Category Archives: Concerns

SBAC and Utah’s Database

Dear Utah State School Board,

First, thank you for putting on last Thursday’s statewide forum.  It was an admirable display of freedom of speech and thought in America.  Both sides were treated with fairness and respect.

Second, I’m asking you to review some additional research as you weigh educational data-collection methods and as you advise school boards statewide on whether to submit to federal requests for local FERPA revisions.

We realize that oppressive federal controls are in place over the SBAC via our Cooperative Agreement http://www2.ed.gov/programs/racetothetop-assessment/sbac-cooperative-agreement.pdf  and for that reason, I believe some state school board members may be wisely leaning toward getting Utah out of the SBAC testing consortium.

There are also unpleasant federal control attempts coming to Utah related to the longitudinal database Utah has built with a $9.6 million dollar federal stimulus grant.  Utah parents deserve to know that the aggregated, purely academic, standardized testing and data comparison of the past is very different from standardized testing set up now.  Testing scores will not be limited to academic data.  All data collected by schools will be up for perusal by virtually anyone, including the federal government.

According to the American Recovery and Reinvestment act, states had to agree to build database systems according to federally dictated standards to qualify for stimulus money. All 50 states are capable of maintaining extensive databases on public-school students. Utah’s database meets all essential components outlined by the federal government.

The database includes non-academic information. (According to the National Data Collection Model) it will include health-care history, nicknames, family income, family voting status, gestational age of students at birth, student ID number,  bus stop times, and so much more –and not just information about kids, but families.

You can view the National Data Collection Model database attributes (data categories) at http://nces.sifinfo.org/datamodel/eiebrowser/techview.aspx?instance=studentPostsecondary

As of January 3, 2012 the Department of Education implemented changes to the Family Educational Rights and Privacy Act (FERPA) and overrode the privacy protections Congress included in FERPA, the Competes Act, and the American Recovery and Reinvestment Act where privacy protection of student information was secure.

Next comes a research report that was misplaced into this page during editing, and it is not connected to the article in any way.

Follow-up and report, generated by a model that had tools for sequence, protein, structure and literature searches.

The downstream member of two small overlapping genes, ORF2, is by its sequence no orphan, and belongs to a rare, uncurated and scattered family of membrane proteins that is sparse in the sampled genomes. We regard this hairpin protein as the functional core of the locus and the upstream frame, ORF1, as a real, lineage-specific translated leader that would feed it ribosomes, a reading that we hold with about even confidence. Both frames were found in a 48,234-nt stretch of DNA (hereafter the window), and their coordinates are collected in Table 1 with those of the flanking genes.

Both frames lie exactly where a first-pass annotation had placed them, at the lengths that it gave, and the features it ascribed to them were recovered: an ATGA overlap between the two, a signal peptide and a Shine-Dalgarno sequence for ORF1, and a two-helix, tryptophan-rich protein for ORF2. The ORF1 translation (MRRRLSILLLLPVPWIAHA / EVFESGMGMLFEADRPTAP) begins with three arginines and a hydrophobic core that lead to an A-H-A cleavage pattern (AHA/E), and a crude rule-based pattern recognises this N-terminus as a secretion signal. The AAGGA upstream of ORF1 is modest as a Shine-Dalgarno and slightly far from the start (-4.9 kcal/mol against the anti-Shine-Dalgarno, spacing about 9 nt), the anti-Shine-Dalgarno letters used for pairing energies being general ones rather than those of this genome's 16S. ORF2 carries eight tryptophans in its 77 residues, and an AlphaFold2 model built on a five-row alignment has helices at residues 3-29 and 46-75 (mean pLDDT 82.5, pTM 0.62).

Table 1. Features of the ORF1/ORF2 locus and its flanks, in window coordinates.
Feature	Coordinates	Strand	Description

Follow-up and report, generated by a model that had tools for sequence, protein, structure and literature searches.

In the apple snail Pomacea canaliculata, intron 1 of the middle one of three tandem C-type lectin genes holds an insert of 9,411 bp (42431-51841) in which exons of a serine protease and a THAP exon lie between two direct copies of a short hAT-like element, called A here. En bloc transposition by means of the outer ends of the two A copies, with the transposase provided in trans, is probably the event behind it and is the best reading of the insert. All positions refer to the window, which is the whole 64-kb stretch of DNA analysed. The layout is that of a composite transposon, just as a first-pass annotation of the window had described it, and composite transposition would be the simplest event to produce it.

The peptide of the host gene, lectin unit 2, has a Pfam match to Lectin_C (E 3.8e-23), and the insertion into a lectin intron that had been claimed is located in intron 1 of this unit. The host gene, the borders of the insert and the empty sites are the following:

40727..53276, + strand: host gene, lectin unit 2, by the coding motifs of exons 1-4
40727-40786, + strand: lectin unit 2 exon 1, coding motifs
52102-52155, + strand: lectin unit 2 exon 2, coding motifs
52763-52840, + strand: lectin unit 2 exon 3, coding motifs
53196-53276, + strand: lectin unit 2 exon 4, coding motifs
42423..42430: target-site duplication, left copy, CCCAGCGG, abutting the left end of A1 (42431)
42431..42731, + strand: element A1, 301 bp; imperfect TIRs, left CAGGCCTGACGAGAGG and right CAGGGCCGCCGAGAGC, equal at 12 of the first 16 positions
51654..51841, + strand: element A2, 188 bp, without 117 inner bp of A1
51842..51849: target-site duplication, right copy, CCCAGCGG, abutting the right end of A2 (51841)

The changes allow access to any of the information in the databases by anyone!  (They say “authorized representative” but later re-define it so loosely as to lose all power.)

The Data Quality Campaign (DQC, Creating a Longitudinal Data System, 2006) recommended that states include 10 essential elements when building a highly effective longitudinal data system, and Utah has all ten.  These include:

1. A unique statewide student identifier

2. Student-level enrollment, demographic and program participation information

3. The ability to match individual students’ test records from year to year to measure academic progress

4. Information on untested students

5. A teacher identifier system with the ability to match teachers to students

6. Student-level transcript information, including information on courses completed and grades earned

7. Student-level college readiness test scores

8. Student-level graduation and dropout data

9. The ability to match student records between the Pre–K–12 and postsecondary systems

10. A state data audit system that assesses data quality, validity, and reliability

Please ask our state contact, John Brandt, to explain and validate what I am saying.

John Brandt
Information Technology Director
Utah Office of Education
801-538-7953